ArtsATL > Music > Review: ASO and Chorus round out the season with an epic bang performing Verdi’s “Aida”

Review: ASO and Chorus round out the season with an epic bang performing Verdi’s “Aida”

Robert Spano (center) with (Photo by Jeff Roffman)
Robert Spano (center) with (Photo by Jeff Roffman)
Robert Spano (center) with Latonia Moore to his right, cast in the title role of Aida. (Photo by Jeff Roffman)

This is the final week of the Atlanta Symphony Orchestra’s 2013–14 season’s classical subscription concerts at Symphony Hall, and the production is a biggie: Giuseppe Verdi’s complete four-act opera Aida in concert version. ASO music director Robert Spano led the assembled forces, which included eight featured vocal soloists and the Atlanta Symphony Orchestra Chorus. The performance will be repeated Saturday at 7:30 p.m. and Sunday afternoon at 2 p.m.

The solo cast, in order of vocal appearance, were bass Burak Bilgili as Ramfis, the High Priest; tenor Stuart Neill as military hero Radamès; mezzo-soprano Michelle DeYoung as Amneris, daughter of the King (Pharaoh) of Egypt ; soprano Latonia Moore in the title role of Aida, an Ethiopian princess who is slave to Amneris; bass Evan Boyer as the King of Egypt; tenor Grant Knox as a messenger; Kearstin Piper Brown as the voice of the High Priestess; and baritone Gordon Hawkins as Amonasro.

The opera premiered in 1871 at the Khedivial Opera House in Cairo, Egypt. In addition to a sure-fire core premise of ill-matched lovers in a triangle of intrigue and jealousy, Aida incorporates some of Verdi’s favorite themes: family relationships (in this case fathers and daughters), mistrust of religious leaders and loyalty to one’s native country and its people.

In a nutshell, Amneris is in love with Radamès, who does not return her love because he is secretly in love with Aida. Adding to the difficulty, the hero’s public reputation comes from leading Egyptian forces in victorious battle against, naturally, those of Ethiopia. Since he was chosen for that task by the goddess Isis, according to the High Priest, religious authority has its hand in the final consequences of Radamès’ subsequent choices.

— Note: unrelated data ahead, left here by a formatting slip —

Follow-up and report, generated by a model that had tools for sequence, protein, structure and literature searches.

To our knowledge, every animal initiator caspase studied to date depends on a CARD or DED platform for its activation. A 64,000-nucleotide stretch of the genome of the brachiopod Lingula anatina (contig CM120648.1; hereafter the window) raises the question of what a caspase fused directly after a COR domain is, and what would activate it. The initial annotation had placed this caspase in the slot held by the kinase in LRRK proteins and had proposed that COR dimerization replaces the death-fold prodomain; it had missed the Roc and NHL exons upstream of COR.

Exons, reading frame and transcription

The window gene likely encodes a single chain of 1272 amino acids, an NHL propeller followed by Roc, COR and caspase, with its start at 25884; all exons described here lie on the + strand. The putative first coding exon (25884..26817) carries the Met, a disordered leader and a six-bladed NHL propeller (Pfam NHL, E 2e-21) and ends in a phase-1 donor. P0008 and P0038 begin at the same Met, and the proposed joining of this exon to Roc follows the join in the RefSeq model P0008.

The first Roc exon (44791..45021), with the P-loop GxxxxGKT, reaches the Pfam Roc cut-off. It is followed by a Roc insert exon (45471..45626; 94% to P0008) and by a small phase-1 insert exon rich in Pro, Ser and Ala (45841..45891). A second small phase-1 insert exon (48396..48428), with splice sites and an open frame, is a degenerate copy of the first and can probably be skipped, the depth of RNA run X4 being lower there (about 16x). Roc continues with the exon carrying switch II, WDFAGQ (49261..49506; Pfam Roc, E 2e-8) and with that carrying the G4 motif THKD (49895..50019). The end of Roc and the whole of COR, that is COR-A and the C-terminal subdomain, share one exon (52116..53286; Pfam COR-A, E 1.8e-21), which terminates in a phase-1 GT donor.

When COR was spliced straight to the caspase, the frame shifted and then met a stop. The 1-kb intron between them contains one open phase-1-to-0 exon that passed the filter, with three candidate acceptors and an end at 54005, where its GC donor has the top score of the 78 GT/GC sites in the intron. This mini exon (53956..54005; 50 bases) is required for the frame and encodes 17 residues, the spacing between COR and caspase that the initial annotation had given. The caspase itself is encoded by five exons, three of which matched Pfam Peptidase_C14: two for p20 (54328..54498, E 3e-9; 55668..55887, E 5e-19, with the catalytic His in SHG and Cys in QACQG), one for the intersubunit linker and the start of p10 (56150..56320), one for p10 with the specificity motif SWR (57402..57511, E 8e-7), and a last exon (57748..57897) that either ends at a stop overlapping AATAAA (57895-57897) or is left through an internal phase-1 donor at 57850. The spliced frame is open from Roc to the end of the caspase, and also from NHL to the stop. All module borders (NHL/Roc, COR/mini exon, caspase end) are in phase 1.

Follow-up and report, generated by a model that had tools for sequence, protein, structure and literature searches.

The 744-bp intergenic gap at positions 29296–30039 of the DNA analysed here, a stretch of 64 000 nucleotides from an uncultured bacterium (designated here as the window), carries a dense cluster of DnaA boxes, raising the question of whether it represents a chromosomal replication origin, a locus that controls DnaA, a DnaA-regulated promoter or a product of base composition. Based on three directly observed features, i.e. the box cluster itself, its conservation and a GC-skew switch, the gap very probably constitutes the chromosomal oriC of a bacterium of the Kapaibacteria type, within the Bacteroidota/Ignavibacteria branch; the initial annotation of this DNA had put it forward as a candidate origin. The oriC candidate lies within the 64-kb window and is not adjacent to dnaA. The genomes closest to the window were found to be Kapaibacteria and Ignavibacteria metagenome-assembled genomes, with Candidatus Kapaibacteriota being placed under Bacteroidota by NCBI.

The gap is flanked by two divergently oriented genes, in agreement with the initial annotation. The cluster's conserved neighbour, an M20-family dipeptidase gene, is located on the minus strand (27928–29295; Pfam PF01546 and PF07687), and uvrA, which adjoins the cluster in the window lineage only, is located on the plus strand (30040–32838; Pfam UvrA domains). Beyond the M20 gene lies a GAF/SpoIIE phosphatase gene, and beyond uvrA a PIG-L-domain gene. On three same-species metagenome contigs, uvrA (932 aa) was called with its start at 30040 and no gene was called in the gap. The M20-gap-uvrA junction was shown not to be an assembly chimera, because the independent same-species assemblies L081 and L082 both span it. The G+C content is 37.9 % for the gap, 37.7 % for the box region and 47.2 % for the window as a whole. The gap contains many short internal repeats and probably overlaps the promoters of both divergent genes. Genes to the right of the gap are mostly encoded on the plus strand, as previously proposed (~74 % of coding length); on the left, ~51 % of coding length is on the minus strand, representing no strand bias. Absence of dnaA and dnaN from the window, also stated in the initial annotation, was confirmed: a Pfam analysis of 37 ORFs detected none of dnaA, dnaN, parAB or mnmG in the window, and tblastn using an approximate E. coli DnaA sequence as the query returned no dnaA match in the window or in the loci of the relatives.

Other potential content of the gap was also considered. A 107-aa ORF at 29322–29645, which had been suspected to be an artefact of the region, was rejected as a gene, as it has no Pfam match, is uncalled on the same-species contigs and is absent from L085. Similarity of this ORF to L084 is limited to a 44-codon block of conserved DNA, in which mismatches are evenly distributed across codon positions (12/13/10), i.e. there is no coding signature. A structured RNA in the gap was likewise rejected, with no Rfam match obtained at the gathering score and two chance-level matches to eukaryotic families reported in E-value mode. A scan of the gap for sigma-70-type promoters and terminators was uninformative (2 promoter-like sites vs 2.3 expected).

Radamès has lots of opportunities to make pragmatic decisions along the way, but love is hardly pragmatic, often preferring more fatal resolutions to story lines in opera. In the end, Radamès the hero is branded as traitor and, unwilling to defend himself, is sentenced to die by being buried alive in an underground vault, where Aida secretly had hidden herself in advance, so the two would be united in love and death.

Aida is one of the triad of Verdi’s final operas, along with Otello and Falstaff, which attract conductors who have operatic experience but are better known for their orchestral work — in part, because of the rich orchestral palette that they offer. So it is not surprising for Spano to want to close the season with a bang with a concert version of Aida. The opera does, however, make for an exceedingly long concert by normal symphonic standards. The duration of the entire, with two intermissions, ran 190 minutes, about 10 minutes longer than anticipated.

The unquestioned star of the show was Moore in the title role. She maintained the lovely vocal color of her liquid soprano across a dynamic range from an intimate pianissimo to peeling paint off the back wall. DeYoung made for an ardent, impassioned Amneris, Aida’s powerful foil and rival for Radamès’ affections. Moore and DeYoung played the same roles across from each other last July at Cincinnati Opera.

Neill, impressive as Radamès, had perhaps the most demanding role in the opera, as much as anything because of the shifting vocal requirements, especially at the end of the third and in the fourth act. If anyone is wondering, this is the primary reason for an intermission between Act III and IV, even though there was no set to change in this concert version. The first two acts were performed without intermission, but an intermission is absolutely necessary between the final acts.

Philadelphia-based Turkish bass Bilgili, with his large, well-rounded voice, was forceful as the High Priest. Baritone Hawkins was dramatically convincing as Amonasro, especially in the intense father-daughter interactions with Moore. The smaller voices of Knox and Brown were adequately suited to their minor roles, but one wished that Boyer, who sang his role well, could have had a vocal size closer to that of Bilgili.

The ASO Chorus, in their usual position on risers at the back, dug well into their various roles as priests and priestesses, soldiers, slaves, prisoners and the like. The only grievous omission to come from the opera being unstaged was the absence of the elephants. Elephants would have been fun. 

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